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Small aortic valve leak
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Small aortic valve leak

I am a 30 y/o male in the fire service for 7 years.  Two years ago I started having intermittent (sp) anxiety attacks and the great symptoms that go with them. I'm 6'+ and 215 lbs.  I do work out on shift and recently had a bi-yearly physical with a echo-stress test. As I started the test the cardiologist told me he noticed a small aortic valve leak, but not to worry?  As the test went on, I felt fine but they noticed that my B/P was up to 200/120 and my HR was only up to 155.  I wanted to keep going but per b/p protocol he pulled me off and to the table for the after echo.  He said the heart is strong and pics were good.  The valve leak was not any worse and my B/P came down relatively quickly.  But my resting B/P which I take every shift day is less than 120/80.  My initial B/P at the echostress was 130/90.  He saw no blockage and said not to worry, but had no explaination for my as he called it "labile hypertension".  Should I be be concerned about having a stroke working at a fire or an aortic dissection? Or did my anxiousness act up when he told me about the leak?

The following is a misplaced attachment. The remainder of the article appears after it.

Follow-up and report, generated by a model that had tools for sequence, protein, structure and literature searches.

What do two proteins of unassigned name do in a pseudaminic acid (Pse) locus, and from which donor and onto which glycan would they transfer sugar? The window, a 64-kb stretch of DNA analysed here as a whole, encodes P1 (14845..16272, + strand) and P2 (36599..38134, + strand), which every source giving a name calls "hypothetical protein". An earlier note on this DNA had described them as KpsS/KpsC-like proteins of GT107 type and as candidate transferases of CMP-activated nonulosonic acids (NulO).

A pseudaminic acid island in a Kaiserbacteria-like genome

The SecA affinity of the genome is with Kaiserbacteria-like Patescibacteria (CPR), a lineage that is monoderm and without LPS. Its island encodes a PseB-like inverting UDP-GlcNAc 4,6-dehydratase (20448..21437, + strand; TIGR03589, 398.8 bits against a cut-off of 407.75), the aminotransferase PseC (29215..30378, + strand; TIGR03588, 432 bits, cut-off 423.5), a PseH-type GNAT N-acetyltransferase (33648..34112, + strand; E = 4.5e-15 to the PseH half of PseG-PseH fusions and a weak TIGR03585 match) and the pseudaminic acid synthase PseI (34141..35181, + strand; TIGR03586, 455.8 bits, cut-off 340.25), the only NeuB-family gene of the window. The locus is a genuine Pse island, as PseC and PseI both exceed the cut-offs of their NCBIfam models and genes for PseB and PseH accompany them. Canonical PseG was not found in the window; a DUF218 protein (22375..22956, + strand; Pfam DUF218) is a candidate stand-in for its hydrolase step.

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Did he say how small the aortic leak was?   Keep in mind that many echos pick up trivial/mild leaks in valves which are completely normal and found in the general population.   Echo's are very sensitive via doppler and usually don't require followup providing diagnostic clues and causes of AR:  

No aortic regurgitation murmur
No bicuspid aortic valve
No enlarged aortic root (common cause of AR and many times idiopathic)
No abnormalities morphologically
No rheumatic fever (very rare these days)

Since I'm not sure I can post references from other sites; here's a portion of text from a good medical reference site.  

Please know I am not a doctor and my opinions are only to offer possible answers since your cardiologist didn't seem to think your regurgitation was a problem.

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In the US: With the advent of Doppler echocardiogram studies, many cases of mild AR have been identified in the general population. In some studies, up to 8.5% of women and 13% of men were found to have some degree of AR.

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